Why We Need to Remove “Just a Nurse” From Our Vocabulary

Beth Hawkes MSN, RN-BC - 02/27/18

Kelley Johnson, RN, and former Miss Colorado, is credited with being the catalyst for the Show Me Your Stethoscope (SYS) movement. In the 2015 Miss America Pageant, Kelley was unjustly criticized for wearing a stethoscope and became famous when thousands of nurses protested the criticism. The grassroots movement SYS was born from the event.

But sadly, even Kelley used the term “I’m just a nurse” during her monologue in the pageant. Much as many nurses would like to eliminate this phrase from our lexicon, it’s still ingrained.

It’s telling that some nurses describe themselves by saying “I’m just a nurse”.

Doctors don’t say “I’m just an internist”.  Likewise, football players don’t say “I’m just the lineman”.

So why do some nurses still say “I’m just a nurse?”

Why Are Nurses Not Empowered?

Maybe the better question is why are nurses not empowered? With over 3 million nurses in the United States, nursing should be a cohesive and incredibly powerful group...but it’s not. There are many reasons, one of them being gender. Nursing has traditionally been a women’s occupation and as such reflects the low status and profile of women in our society in general.

As females we are quick to self-deprecate. Male nurses are far less likely than their female counterparts to put themselves down by saying “I’m just a nurse”.  Females tend to minimize their accomplishments and are socialized to brush off compliments and praise. Have nurses internalized society’s values or have nurses taught the public to think of them as “just a nurse?”

Nurses in the Media

The media is notorious for portraying nurses and doctors inaccurately and perpetuating stereotypes. Nurses as sex objects. Nurses as doctors’ handmaidens. Nurse Ratchets. Nurses as... invisible.

Some examples of misleading media portrayals include doctors cheerfully wheeling a patient out to the car for discharge (often with a balloon bouquet) or administering a life-saving injection with a syringe deferentially handed to them by an attractive young nurse.

Nurses shake their heads and laugh at how preposterous these portrayals are. Recently I tweeted about a sweet elderly patient who patted the hand of her doctor. 

“My, my, young man, you are so good! Have you thought about going on to become a nurse?”

Needless to say, the tweet was very popular.

Nurses Fail to Articulate What They Do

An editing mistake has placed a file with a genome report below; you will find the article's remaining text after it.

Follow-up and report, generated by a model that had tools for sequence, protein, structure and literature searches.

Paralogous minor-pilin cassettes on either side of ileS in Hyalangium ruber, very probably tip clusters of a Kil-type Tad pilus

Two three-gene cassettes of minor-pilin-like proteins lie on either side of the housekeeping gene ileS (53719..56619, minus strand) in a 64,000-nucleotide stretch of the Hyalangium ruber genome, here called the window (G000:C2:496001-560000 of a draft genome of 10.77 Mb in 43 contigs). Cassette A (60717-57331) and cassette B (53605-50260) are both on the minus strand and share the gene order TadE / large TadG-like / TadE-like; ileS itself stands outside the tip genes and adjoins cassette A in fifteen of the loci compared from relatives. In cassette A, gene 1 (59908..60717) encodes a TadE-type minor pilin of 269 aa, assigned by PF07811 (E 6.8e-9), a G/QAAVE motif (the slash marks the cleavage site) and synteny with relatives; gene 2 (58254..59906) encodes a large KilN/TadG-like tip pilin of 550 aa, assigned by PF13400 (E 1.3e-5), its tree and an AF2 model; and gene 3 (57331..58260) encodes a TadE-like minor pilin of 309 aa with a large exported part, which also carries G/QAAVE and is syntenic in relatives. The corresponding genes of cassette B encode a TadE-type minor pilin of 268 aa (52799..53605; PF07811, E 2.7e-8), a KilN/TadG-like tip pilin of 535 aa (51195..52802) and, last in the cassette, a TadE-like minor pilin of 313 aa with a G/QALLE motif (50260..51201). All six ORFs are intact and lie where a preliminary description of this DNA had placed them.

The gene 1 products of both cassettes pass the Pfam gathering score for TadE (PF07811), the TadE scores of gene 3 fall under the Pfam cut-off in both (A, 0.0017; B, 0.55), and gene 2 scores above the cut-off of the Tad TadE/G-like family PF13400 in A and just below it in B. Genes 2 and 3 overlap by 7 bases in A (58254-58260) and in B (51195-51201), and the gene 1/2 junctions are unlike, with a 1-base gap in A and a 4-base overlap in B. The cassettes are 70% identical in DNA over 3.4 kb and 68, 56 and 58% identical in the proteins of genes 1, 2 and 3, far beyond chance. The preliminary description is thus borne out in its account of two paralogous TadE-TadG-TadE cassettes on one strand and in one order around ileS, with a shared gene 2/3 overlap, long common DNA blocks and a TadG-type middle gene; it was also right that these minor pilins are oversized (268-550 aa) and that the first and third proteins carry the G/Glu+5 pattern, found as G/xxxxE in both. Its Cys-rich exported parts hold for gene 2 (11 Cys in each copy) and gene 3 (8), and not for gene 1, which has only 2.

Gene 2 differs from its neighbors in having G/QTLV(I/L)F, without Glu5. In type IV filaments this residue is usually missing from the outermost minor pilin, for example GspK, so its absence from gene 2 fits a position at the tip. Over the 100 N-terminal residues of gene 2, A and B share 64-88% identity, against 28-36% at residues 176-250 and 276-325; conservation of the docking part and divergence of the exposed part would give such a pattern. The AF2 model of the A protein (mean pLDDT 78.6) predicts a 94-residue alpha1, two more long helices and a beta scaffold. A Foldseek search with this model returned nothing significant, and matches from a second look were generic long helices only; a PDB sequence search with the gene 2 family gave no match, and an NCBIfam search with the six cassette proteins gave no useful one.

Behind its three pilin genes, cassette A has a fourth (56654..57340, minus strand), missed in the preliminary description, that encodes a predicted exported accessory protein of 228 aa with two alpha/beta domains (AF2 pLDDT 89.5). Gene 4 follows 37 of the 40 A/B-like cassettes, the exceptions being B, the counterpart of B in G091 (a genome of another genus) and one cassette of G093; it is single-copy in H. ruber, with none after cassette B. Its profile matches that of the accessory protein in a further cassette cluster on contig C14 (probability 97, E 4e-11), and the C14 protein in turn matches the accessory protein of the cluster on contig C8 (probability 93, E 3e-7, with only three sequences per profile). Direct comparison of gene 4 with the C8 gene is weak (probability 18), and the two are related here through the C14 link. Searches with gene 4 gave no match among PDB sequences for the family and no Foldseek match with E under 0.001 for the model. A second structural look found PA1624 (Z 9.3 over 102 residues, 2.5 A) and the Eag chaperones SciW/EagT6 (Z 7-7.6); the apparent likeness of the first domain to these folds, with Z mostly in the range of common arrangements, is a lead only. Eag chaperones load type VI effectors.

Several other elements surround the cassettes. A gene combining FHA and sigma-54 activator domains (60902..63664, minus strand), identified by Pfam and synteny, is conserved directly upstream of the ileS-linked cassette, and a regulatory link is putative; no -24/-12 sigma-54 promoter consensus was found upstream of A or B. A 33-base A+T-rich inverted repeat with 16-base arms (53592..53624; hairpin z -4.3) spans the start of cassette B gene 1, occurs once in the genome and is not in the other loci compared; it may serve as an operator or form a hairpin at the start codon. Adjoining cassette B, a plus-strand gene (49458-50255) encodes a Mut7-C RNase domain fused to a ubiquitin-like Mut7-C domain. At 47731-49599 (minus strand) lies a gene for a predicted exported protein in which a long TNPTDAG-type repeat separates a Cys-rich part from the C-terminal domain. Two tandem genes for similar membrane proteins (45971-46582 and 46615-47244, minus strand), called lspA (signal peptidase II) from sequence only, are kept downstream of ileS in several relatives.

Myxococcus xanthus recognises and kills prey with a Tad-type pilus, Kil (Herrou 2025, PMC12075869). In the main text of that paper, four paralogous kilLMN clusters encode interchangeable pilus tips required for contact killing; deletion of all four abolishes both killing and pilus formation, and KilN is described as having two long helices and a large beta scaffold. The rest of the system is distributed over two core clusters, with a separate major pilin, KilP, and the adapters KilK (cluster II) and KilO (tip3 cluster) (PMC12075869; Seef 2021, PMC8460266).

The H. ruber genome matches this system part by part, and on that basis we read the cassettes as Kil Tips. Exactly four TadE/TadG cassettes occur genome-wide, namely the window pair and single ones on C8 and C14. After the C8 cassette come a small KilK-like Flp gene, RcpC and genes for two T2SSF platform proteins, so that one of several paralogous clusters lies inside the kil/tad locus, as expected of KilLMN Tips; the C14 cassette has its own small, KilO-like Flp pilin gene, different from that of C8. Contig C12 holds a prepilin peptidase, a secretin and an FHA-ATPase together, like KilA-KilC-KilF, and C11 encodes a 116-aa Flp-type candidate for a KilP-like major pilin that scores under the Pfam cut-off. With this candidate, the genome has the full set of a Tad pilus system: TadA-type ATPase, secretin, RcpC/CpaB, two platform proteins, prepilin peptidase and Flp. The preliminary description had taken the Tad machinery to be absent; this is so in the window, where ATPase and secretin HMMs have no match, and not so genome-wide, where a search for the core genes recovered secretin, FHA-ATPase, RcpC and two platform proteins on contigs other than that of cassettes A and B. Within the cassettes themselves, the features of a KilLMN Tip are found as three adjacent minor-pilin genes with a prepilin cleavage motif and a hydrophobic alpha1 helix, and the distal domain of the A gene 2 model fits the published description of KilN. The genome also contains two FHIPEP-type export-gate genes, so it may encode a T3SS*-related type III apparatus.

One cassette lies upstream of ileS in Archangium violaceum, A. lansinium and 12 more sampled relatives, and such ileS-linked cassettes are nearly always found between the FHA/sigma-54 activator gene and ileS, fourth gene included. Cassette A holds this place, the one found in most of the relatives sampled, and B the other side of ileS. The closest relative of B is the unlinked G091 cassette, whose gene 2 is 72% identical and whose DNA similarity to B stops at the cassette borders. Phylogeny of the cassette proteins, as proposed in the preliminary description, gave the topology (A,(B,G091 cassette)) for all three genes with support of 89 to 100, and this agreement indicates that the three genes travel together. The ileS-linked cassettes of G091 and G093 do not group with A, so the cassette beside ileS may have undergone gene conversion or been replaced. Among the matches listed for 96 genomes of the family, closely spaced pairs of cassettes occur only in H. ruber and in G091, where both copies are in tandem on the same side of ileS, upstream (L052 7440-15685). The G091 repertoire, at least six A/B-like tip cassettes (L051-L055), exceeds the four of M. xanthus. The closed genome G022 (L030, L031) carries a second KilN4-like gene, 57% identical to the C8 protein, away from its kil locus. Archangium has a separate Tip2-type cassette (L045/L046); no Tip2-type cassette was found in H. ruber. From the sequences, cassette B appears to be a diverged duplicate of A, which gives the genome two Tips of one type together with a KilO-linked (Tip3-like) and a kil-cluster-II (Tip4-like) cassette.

Nurses themselves have a hard time explaining what they do. And that’s a big problem in itself. If nurses are unable to articulate their contributions and what they do, then likewise, the public can’t be expected to understand.

 Teachers instruct. Doctors diagnose. Pilots fly. Nurses...nurse? Start IVs? Administer meds? It’s complicated.

If you’re a nurse, you understand the complexity of the role. If not, you really don’t. How many patients have said “I was a patient and now I appreciate what nurses do”?  This is true even of doctors who become patients.

Nurses often wrongly define themselves as a list of tasks they perform, such as She Who Starts IVs or Passes Meds.

 But inserting a foley, changing a dressing, or performing a finger stick doesn’t define a nurse. Med techs in many settings start IVs and administer meds- and that doesn’t make them a nurse.

Nurses are the quintessential example of the total being more than the sum of its parts. The practice of nursing is so much more than a series of tasks.

What Nurses Do

Knowing when to check a finger stick, expertly assessing a wound, reducing catheter associated urinary tract infections (CAUTI) and other healthcare associated infections (HAIs), are better examples of what nurses do. It’s the critical thinking and clinical expertise that define nurses and what they bring to the healthcare team.

Nurses interpret and coordinate. Direct and oversee. 

Doctors are present mere minutes a day. Nurses vigilantly monitor patients around the clock. Twenty-four/seven. Nurses save lives far more often than the general public knows.

Nurses catch important changes in condition. Recognize early signs of sepsis. Temperature is down? There’s a source of infection? An experienced nurse is alarmed at a temp of 96.8, a heart rate of 110 and a source of infection..

Never minimize your contributions and skills.  After all, you would not say “All I did was just recognize the early warning signs of sepsis, intervene, just give a fluid bolus, just order a lactate and cultures and just transfer the pt to ICU” 

All this before lunch while caring for 5 other patients.

Nurses Ensure Safe Passage

The American Association of Critical Care Nurses (AACN) coined the phrase “Nurses ensure safe passage”.

Nurses ensure safe passage through illness and chemotherapy. Nurse ensure safe passage through childbirth and at end of life, through the dark hours before dawn, and everything in between.

Nurses are central to the heart of healthcare and can begin to change perceptions by one word. Or more correctly, the omission of one word. The word “just”.

Nurses do themselves and the profession no service by saying “I’m just a nurse”. Leave out the “just”. If you hear a colleague use the phrase, gently correct them.

Let’s move past the “I’m just a nurse” and on to proudly “Hello, my name is (blank) and I’m your nurse today”.